AS PANDEMIC PUNISHES FUTURES: Asian buyers boost physical oil

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    MOSCOW/LONDON- Robust demand from China and India has bolstered physical crude oil prices from around the world, traders said, in contrast to the futures market that is wrestling with oversupply and demand uncertainty wrought by COVID-19.

    Global benchmark Brent futures are trading around $40 a barrel, having recovered from more than two-decade lows in April, but still under pressure from concerns a second wave of the pandemic will reduce fuel use.

    On the more buoyant physical markets, China’s state and independent refiners are the keenest buyers as they fill early-2021 import quotas and as port congestion that has clogged traffic for much of the year has eased.

    Their activity has helped to lift differentials in the last two weeks for Russian Urals, Norway’s Johan Sverdrup, Caspian Azeri BTC and CPC Blend, as well as West African and Brazilian grades.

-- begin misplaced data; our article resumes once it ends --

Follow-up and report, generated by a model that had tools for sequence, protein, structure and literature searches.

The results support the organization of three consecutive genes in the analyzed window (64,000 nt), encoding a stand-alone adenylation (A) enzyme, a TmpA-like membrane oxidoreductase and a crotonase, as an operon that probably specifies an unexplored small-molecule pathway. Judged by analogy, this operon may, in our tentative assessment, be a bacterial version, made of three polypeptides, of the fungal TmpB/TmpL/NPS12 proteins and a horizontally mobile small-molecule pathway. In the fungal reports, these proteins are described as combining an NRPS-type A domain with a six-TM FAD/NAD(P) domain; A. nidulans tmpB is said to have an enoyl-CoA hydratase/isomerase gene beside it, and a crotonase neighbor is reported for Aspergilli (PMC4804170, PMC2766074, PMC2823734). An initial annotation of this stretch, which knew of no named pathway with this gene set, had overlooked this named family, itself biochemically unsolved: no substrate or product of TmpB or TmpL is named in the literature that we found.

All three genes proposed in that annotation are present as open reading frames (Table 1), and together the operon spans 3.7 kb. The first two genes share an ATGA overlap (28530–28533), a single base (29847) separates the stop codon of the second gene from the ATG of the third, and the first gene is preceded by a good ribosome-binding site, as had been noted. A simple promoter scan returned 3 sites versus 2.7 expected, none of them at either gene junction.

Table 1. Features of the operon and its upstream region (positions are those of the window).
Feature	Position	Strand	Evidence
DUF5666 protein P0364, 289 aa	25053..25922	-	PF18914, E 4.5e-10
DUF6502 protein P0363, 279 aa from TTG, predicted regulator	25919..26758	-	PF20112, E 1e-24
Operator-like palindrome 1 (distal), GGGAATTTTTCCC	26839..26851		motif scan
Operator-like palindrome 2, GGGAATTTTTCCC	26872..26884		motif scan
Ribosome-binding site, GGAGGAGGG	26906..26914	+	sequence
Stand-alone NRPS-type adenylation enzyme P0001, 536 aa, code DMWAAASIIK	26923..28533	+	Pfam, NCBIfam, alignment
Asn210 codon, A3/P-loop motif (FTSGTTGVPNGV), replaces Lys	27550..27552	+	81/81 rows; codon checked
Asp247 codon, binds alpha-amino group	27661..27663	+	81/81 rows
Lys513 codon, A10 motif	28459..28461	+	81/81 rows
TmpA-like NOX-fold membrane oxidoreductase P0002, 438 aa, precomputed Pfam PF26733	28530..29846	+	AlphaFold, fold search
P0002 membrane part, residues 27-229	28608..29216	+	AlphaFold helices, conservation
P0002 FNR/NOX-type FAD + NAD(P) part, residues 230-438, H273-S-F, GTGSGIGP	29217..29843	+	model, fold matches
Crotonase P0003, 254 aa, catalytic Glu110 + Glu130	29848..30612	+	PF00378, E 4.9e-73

“China is again a hope for oil suppliers. Unlike Europe that is currently in the middle of the pandemic crisis, it seems to be the quickest to restore its economy,” a source in a global trading firm told Reuters on condition of anonymity.

    Russian Urals achieved the highest premiums to dated Brent in three months and oil arbitrage shipments to China may increase soon, two traders said, especially for cargoes loading at the end of November and in December.

    BP plans to ship the first supertanker of Urals to China since June.

    “China has been nearly absent from the Mediterranean oil market,” a trading source told Reuters.

    “Now it is back, asking questions and definitely considering buying for volumes loading from end-November and later.”

    India has also boosted sentiment.

    Crude oil processing by Indian refiners reached the highest in six months in September, helping the differential for light, sweet Nigerian oil to rise to a premium to dated Brent from near a 50 cent discount. “China and India are the answer,” said one trader for a refinery in Europe, where poor margins and a stalled economic recovery have meant crude grades the continent usually favors are heading east.